National Coordinator/Chief Executive Officer of the New Partnership for Africa’s Development (NEPAD), Mrs. Gloria Akobundu, has said that NEPAD is brainstorming on new strategies to tackle corruption in Africa.
Akobundu said the initiative was to complement the African Union’s endorsement of President Muhammadu Buhari as the champion of anti-corruption for the African continent in the year 2018.
Recall that President Buhari was endorsed during the 29th Ordinary Session of the African Union Assembly in Addis Ababa in July, 2017, as the champion of the Union’s theme for 2018 titled “Winning the Fight Against Corruption: A Sustainable Path to Africa’s Transformation.”
Speaking during a high level consultative meeting with the African Peer Review Mechanism (APRM) continental secretariat on anti-corruption held in Abuja, Akobundu said the forum seeks to elicit sustainable strategies for tackling corruption.
She noted that corruption has deprived the African continent of its livelihood and commonwealth.
Akobundu further said that corruption hindered development in Africa for decades, adding that the forum would identify the various sectors challenges on corruption in Africa, including ways to improve on the management of corrupt practices.
In his remarks, the Acting Chairman of the Economic and Financial Crimes Commission (EFCC), Ibrahim Magu, said that tackling corruption remains the surest path to the sustainable development in Africa.
Magu added that corruption had been identified as the major reason for under-development on the continent of Africa.
“It is quite clear that most of the problems confronting Africa are directly or indirectly linked to corruption. It is therefore imperative that countries must close ranks to defeat this monster.
“We must as a matter of urgency address the leakages in our economies, especially the vexed issue of illicit financial flows. This meeting should serve as an avenue for stocktaking,” Magu said.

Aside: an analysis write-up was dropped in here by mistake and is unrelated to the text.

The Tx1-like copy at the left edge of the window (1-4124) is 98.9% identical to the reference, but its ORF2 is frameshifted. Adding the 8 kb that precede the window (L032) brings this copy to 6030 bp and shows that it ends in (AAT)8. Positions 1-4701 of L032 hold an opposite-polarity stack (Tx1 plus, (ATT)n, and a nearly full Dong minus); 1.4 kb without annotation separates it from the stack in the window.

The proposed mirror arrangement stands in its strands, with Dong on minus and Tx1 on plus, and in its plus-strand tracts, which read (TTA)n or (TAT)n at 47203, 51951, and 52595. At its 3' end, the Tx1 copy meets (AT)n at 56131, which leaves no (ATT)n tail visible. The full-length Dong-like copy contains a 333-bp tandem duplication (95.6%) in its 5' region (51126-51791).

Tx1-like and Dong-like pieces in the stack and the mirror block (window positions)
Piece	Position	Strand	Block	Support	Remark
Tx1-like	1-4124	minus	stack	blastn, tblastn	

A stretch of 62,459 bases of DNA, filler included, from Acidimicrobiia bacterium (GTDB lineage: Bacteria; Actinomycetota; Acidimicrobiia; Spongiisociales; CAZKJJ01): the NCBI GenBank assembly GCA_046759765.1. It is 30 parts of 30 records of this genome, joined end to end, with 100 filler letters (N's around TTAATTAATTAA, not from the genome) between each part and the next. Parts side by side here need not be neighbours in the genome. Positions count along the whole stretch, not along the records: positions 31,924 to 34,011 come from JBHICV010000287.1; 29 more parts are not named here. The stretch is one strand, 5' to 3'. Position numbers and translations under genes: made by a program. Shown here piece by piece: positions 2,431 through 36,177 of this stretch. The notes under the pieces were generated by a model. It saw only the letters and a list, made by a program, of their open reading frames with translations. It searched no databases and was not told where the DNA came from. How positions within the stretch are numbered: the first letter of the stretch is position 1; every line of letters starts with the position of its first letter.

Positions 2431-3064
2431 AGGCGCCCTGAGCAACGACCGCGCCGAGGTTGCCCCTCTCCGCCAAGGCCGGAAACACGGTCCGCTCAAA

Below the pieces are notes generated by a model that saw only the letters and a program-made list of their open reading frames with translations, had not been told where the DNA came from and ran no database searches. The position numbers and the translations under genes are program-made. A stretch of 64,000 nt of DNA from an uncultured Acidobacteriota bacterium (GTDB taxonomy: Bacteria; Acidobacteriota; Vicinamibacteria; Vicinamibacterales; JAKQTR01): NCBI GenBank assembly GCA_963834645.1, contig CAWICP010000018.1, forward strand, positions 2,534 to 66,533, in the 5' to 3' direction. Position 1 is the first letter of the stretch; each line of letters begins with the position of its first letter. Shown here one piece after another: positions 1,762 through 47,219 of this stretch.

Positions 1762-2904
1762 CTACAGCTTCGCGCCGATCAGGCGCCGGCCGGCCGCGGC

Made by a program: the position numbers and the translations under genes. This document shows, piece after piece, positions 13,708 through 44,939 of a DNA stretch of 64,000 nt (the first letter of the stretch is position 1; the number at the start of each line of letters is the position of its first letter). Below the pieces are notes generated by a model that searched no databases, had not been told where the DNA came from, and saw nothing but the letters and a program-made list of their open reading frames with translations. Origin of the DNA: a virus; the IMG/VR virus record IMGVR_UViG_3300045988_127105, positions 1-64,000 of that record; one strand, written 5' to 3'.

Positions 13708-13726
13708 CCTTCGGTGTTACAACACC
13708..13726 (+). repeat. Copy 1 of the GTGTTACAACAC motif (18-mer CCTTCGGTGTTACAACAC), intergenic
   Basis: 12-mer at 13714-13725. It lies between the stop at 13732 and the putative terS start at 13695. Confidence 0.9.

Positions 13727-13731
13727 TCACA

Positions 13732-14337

Magu said the forum must think through new strategies to recalibrate assets tracing and recovery and also devise new strategies to address new and emerging challenges in the fight against corruption.
Magu said that EFCC has recorded significant milestone and enviable records in the fight against corruption, even as he said that there was need for more peer review among African countries.
Also speaking, the Executive Secretary, Presidential Advisory Committee Against Corruption (PACAC), Prof. Bolaji Owasanoye, said corruption was largely responsible for Africa’s current dismal and underdevelopment.
He noted that efforts were previously made at the continental level to address corruption with the AU Convention on Prevention and Combating of Corruption in 2003.
Owasanoye said as at today, six of Africa’s 55 countries are yet to sign, while 14 of the countries that signed have not ratified.
He further said that signatories stand at 49 and ratifications at 38 countries.
Owasanoye however said that many of the countries that signed and ratified the agreement have failed to domesticate the principles of the convention, thus rendering impotent, the import and impact of the convention.